Ph. Garnerin, DVM, PhD
Quality Manager, Anaesthesiology Service,
Geneva University Hospitals,
Drugs that are used in intensive care settings are numerous and often have narrow therapeutic margins. Patients have severe conditions that evolve quickly and require frequent adaptation of treatments. In such a dynamic and complex environment, medication errors are admittedly common and, given the low physiological reserves of patients, have therefore potential critical consequences. However, incidence figures are somewhat puzzling. According to a recent review of the available literature (Kane-Gill and Weber, 2006), the frequency of medication errors varies from 1.2 to 947 per 100 patient-days. When the number of administrations is used as denominator, large variations still remain, the frequency of medication errors being in the range of 3.3 10-2 and 4.4 10-1. (Tissot et al. 1999; Calabrese et al. 2001; van den Bemt et al. 2002). Unfortunately, given the large differences in actual medication processes and evaluation methodologies, it is unlikely that more accurate figures that could be generalised to various types of settings would be available soon.
Whatever the true figures, one has to consider that such high rates characterise unreliable processes and would require immediate corrective actions in other areas (Leape, 1994; Garnerin, 2007). Therefore, in order to guide prevention strategies, we present a model eliciting the various ways in which the medication process can fail during drug preparation or administration. On the basis of this model and despite the lack of strong scientific evidence, recommendations for error prevention are suggested.
Modelling Medication Errors
The model is based on an event tree (IEC, 1990) which combines the different human errors leading to medication errors using AND and OR logical gates (Fig. 1). In this model, medication errors are the result of either preparation errors (incl. Wrong drug, dilution and labelling errors) or administration errors (syringe swap, route, amount/flow, time patient errors).
Prevention of Drug, Syringe Swap and Route
The model materialises that wrong drug errors, syringe swap errors and wrong route errors are the result of both a selection error and a check failure. Consequently, prevention strategies should be based both on limiting opportunities for mixingup drugs, syringes or injection lines and on increasing check reliability. A five-fold decrease in the probability of selection errors associated with a five-fold decrease in the probability of check failures will result in a 25-fold decrease in the risk of wrong-drug, syringe swap or wrong route errors.
To reduce the probability of selection errors, several actions could be combined such as limiting the variety and quantity of available drugs, improving the stowage of drugs or syringes in medication cabinets, trolleys or trays, increasing the visual differentiation of drugs, syringes or injection lines using shapes or labels. In particular, labels should always mention complete drug strength information, concentration, amount and volume, and be printed at fixed locations. Labels should also incorporate Tall-Man letters, as well as colour to discriminate between different drug classes, and be attached to ampoules along their main axis. Decreasing the probability of check failure could be obtained via a variety of complementary means such as checklists, barcodes, electronic tags and dedicated line connectors in addition to continuous education and team work.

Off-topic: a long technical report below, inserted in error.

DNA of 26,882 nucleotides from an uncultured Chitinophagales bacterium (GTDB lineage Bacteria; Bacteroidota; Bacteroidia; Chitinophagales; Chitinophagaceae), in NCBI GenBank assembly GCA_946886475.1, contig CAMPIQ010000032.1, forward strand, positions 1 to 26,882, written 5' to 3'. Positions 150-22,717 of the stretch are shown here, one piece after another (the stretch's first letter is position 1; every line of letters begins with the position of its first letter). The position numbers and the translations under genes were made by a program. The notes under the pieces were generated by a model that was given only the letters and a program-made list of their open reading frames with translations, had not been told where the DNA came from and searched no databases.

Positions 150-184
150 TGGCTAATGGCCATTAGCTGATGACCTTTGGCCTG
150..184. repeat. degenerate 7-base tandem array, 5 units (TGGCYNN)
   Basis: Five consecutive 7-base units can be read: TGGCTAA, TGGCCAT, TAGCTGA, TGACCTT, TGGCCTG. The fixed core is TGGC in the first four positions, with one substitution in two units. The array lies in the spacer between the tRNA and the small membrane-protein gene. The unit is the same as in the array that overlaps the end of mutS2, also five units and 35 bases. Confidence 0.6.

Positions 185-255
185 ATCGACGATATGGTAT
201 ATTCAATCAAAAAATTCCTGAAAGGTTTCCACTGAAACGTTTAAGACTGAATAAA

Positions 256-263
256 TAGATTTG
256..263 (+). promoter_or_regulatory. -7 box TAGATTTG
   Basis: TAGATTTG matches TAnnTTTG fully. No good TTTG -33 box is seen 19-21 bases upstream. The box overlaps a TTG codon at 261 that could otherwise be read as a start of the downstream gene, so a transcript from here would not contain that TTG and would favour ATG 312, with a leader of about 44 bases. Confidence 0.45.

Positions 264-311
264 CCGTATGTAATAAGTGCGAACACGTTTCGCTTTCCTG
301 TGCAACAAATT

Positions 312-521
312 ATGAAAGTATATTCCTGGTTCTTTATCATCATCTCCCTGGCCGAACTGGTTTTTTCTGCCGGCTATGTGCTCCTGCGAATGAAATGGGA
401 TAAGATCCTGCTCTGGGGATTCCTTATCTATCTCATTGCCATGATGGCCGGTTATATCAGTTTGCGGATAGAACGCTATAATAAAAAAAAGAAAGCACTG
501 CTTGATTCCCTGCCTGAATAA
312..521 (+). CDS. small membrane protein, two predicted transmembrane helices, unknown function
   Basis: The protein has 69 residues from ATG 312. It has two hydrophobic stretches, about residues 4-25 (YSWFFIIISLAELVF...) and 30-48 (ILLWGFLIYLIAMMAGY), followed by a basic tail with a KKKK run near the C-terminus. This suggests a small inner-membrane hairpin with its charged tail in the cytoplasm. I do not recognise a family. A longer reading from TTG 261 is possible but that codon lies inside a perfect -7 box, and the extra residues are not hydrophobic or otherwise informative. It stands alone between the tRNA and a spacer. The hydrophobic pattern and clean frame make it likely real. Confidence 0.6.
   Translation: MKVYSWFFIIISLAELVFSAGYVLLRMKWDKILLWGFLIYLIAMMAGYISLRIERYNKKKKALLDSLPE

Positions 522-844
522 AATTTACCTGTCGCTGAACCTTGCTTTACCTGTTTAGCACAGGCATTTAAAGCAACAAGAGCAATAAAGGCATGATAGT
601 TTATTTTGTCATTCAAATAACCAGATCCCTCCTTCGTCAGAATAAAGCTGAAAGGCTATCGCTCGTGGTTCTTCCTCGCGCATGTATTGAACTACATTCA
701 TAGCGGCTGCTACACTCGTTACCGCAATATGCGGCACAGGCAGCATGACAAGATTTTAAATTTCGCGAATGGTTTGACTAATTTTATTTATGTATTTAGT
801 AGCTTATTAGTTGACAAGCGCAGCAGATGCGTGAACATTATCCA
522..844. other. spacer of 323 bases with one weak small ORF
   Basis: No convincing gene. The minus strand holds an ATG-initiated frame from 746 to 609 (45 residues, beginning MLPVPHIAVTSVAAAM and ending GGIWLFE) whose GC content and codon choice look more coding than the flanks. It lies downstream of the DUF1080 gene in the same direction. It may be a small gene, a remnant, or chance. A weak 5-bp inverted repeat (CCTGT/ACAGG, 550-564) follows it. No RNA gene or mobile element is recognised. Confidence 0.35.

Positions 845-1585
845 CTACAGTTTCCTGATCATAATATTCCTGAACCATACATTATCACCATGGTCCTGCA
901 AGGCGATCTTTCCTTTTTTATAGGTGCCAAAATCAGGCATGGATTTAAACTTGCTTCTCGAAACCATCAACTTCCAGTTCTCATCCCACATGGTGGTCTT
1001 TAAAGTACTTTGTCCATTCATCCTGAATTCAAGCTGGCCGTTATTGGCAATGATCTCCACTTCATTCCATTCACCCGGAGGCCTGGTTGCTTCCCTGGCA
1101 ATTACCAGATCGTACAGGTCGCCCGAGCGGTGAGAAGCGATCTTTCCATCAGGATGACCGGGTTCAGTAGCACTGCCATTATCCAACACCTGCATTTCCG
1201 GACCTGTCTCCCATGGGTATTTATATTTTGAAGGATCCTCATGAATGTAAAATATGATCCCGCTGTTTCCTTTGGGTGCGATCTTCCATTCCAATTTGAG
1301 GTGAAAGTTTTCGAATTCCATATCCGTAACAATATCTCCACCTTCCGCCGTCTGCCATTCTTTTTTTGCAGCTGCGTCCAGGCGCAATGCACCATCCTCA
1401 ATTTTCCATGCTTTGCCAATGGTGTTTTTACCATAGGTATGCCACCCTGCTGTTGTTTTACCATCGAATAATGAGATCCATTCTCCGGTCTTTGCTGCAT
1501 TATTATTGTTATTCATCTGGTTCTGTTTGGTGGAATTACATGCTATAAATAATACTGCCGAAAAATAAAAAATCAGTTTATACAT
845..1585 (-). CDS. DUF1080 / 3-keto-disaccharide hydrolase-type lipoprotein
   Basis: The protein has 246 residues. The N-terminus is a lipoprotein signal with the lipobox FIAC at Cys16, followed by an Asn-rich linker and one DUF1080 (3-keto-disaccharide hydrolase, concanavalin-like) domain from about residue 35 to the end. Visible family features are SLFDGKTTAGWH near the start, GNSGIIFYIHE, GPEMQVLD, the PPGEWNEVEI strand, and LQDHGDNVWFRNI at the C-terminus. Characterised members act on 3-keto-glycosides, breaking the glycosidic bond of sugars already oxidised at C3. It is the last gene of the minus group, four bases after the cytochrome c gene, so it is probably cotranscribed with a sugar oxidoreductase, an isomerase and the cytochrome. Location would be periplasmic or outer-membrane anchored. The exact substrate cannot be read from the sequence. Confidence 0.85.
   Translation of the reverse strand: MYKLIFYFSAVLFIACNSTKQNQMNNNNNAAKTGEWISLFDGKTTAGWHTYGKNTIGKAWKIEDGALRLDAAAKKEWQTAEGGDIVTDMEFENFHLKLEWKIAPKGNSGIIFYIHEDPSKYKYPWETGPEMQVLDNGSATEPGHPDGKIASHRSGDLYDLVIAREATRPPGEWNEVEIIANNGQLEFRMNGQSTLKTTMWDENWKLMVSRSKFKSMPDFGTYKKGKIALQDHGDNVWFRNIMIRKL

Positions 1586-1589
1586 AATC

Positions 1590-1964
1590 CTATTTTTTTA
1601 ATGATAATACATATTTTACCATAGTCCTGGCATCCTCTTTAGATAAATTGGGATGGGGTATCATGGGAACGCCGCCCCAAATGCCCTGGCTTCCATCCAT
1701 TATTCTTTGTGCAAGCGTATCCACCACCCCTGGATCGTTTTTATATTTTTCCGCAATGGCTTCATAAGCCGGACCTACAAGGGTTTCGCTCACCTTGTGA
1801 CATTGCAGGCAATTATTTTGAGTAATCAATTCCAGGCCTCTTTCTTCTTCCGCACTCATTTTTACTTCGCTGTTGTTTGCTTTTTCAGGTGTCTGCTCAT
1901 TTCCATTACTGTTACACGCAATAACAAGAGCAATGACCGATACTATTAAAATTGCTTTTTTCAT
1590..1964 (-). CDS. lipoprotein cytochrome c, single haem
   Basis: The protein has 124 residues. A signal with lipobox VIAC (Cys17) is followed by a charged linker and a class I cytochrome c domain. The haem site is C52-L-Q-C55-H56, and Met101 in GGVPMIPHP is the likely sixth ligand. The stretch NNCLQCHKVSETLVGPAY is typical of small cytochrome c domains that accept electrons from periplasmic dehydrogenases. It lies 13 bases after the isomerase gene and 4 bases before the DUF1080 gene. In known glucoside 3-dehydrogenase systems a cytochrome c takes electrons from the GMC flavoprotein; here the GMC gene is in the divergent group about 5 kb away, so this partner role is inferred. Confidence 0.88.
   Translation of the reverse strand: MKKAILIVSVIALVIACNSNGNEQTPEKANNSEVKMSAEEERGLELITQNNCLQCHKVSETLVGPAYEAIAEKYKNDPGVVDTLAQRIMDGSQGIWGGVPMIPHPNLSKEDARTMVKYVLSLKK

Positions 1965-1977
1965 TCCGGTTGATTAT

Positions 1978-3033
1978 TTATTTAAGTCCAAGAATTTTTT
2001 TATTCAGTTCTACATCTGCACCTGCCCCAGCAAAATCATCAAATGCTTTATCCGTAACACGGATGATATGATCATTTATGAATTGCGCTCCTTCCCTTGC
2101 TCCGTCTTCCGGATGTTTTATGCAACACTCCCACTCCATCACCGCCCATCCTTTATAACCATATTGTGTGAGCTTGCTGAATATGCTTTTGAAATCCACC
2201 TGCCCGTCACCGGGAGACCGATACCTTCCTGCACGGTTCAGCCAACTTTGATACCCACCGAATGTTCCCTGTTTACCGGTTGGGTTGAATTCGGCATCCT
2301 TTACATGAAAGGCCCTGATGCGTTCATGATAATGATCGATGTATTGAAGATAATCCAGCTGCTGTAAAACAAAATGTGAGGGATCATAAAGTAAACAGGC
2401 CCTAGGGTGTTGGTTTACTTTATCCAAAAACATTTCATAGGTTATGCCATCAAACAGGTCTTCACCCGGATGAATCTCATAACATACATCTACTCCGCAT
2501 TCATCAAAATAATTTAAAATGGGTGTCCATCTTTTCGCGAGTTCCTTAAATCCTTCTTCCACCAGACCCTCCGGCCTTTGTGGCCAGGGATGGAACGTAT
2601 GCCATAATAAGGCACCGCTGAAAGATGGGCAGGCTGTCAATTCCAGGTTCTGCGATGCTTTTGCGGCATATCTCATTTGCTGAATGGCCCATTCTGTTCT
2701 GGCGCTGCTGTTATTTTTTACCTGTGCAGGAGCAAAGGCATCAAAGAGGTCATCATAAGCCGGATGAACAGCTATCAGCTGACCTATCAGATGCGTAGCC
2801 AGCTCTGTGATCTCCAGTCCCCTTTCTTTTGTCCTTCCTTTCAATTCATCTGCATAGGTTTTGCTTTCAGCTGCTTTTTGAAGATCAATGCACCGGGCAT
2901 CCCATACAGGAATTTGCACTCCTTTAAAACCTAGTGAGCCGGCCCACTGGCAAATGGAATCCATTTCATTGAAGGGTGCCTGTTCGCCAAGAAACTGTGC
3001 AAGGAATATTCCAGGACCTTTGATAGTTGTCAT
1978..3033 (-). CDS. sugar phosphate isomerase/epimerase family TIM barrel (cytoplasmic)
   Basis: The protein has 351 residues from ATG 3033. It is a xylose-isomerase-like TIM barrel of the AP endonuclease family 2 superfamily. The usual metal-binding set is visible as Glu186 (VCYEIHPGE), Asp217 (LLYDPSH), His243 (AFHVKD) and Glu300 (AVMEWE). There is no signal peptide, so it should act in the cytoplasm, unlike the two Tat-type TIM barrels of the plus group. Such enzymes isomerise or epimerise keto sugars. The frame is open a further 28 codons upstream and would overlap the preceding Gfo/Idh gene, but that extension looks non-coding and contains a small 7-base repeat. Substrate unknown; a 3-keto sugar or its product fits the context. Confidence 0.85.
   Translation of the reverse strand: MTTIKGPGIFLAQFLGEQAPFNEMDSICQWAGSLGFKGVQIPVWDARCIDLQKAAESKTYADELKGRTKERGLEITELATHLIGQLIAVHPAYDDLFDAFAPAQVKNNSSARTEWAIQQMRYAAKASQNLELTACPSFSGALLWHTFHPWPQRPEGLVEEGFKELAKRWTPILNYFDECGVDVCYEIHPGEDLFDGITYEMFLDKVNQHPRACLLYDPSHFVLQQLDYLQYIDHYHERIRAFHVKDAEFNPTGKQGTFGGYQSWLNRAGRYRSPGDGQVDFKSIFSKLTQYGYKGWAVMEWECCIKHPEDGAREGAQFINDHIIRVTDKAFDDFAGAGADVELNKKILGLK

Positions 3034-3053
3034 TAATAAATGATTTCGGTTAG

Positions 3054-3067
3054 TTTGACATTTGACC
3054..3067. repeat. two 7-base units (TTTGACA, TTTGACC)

Prevention of Other Errors
Although our model still does not detail the various mechanisms leading to other errors, several options for prevention can already be mentioned. Developing dilution protocols and standardising dilutions across healthcare institutions could be a first step to limiting dilution errors. But resorting to ready-to-use products prepared either by hospital pharmacies or pharmaceutical companies could represent a decisive fix. Labelling errors could be reduced by filling up and identifying syringes one at a time and more effectively, by using, once again, ready-to-use products. Finally, information technologies could have the potential to limit amount/flow, time and patient errors. For instance, having medical devices coupled with computerised physician order entry systems could help to administer accurate boluses and select appropriate flows, whereas electronic reminders could facilitate the timely administration of drugs. In addition, reading barcodes or electronic tags both on patient wrist bands and drugs could contribute to a reliable verification of drugs administered to the patient.